And speaking of the whole medieval thing – can we give it a rest? Is it so hard to have pew pew laser guns as the default weapon? I mean, it’s hard for me to think that I’m travelling the universe when every planet I see has people fighting with swords and shields.

I’m being pretty negative, but in all honesty, Star Ocean isn’t a bad title. It’s just a very mediocre one, from a company that used to push the envelope. If you like JRPGs, you might like this. If you don’t, I can pretty much guarantee that you won’t.

Pack it up, Tri-Ace – like many of your Japanese associates, your time has passed.

2 people found this helpful

Top reviews from other countries

riggivannia

Lo que esperaba… desafortunadamente .

Reviewed in Mexico on June 15, 2017

Pues …lo encontré barato … solo así , buenos gráficos, combate masheable, la cámara es muy mala sigue rígidamente al personaje por lo que si, digamos qué hay una pequeña piedra en el camino que eleva ligeramente al personaje la cámara se mueve exactamente lo mismo que el personaje sin suavizar su movimiento ni nada. pareciera que no es problema pero es sumamente molesto y no ayuda a enfocar nada. Con tanto rpg puedes invertir mejor tu tiempo en otro. Pero si no quieres un rpg de 60 hrs este es más corto… la mitad o menos (25hrs aprox) y ya que el combate es masheable pues no tienes que pensar si llegas muy cansado del trabajo está agusto para apagar el cerebro un rato.

5 people found this helpful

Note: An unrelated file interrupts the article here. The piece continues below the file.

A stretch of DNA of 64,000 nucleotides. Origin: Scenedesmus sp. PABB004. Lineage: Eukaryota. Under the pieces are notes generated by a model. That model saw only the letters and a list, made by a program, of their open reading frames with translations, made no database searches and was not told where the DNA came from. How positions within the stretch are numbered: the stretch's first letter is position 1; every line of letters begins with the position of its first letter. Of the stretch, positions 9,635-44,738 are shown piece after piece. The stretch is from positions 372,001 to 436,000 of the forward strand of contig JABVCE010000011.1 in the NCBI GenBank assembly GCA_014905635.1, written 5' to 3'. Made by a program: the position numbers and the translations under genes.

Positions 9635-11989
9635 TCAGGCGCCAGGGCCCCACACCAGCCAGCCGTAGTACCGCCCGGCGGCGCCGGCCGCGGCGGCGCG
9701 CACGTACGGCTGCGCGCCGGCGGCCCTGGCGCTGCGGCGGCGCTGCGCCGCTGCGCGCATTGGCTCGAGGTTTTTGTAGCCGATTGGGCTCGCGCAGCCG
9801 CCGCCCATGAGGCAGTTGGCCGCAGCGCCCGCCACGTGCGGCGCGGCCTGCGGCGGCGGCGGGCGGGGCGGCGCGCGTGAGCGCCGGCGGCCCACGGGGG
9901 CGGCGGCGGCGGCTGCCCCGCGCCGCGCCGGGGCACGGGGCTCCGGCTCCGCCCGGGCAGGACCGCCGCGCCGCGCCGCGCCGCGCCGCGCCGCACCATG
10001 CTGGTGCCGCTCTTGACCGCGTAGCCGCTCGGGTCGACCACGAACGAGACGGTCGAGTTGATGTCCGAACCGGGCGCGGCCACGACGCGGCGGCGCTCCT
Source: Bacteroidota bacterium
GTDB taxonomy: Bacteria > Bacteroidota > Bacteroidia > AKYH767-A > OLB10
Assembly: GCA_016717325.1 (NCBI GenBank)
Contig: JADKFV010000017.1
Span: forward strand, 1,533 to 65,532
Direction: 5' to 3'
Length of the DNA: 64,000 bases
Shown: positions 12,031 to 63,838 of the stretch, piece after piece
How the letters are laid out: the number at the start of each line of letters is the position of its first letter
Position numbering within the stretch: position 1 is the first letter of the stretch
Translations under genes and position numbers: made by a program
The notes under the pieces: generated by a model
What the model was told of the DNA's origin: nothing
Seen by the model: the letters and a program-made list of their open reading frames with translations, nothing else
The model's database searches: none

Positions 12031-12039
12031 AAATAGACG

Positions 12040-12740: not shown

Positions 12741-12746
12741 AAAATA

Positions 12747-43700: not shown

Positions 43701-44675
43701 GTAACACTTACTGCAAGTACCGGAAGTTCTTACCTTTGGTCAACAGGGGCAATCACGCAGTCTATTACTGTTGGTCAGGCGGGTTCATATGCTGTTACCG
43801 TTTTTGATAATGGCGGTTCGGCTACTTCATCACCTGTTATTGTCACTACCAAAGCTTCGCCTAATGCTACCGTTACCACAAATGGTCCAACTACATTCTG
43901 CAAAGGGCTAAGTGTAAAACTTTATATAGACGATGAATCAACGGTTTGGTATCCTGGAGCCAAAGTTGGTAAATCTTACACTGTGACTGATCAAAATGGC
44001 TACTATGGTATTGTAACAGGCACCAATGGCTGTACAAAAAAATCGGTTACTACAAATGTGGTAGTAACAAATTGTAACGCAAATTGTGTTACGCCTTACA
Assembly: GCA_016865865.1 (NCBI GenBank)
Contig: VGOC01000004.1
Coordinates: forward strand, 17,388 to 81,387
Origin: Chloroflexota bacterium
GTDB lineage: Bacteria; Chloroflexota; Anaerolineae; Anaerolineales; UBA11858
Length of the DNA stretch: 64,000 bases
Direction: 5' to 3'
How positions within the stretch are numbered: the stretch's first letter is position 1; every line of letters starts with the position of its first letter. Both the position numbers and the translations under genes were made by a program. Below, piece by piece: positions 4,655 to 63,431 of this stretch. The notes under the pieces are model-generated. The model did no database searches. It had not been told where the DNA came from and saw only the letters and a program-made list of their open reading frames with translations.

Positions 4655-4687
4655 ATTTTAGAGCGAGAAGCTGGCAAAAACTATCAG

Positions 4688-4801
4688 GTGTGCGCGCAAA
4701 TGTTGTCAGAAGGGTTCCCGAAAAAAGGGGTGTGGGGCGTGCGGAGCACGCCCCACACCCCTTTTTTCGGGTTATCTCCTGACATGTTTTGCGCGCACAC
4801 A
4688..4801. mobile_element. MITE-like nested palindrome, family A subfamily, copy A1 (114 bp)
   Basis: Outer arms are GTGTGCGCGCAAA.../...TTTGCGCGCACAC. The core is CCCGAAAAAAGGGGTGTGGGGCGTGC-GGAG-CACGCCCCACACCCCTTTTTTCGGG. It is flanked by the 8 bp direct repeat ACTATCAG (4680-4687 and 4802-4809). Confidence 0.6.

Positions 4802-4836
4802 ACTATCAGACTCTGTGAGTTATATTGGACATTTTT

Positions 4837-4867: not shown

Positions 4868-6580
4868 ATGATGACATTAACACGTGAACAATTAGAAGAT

Manuel García

Buena historia

Reviewed in Mexico on November 16, 2017

Este juego es recomendable para todo amante de los JRPG, pero mas que nada para los fans de la saga, ya que las animación y el gameplay no estan trabajados adecuadamente, y se entiende por los recursos con los que contó el desarrollo del juego. Si te gusta star ocean, este juego es necesario para continuar sabiendo mas de su universo.

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Manuel García

Reviewed in Mexico on November 16, 2017

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Michel Gómez

Buen juego

Reviewed in Mexico on January 8, 2020

El juego esta muy bueno, no decepciona a los seguidores de la saga, y a los que gustan de lo JRPG de igual manera es muy recomendable.
el envió muy satisfactorio a pesar de ser de importación

el envió muy satisfactorio a pesar de ser de importación

Amazon Customer

Great

Reviewed in Canada on July 18, 2018

I don’t know y all the bad reviews from what I have played so so far it great j rpg

One person found this helpful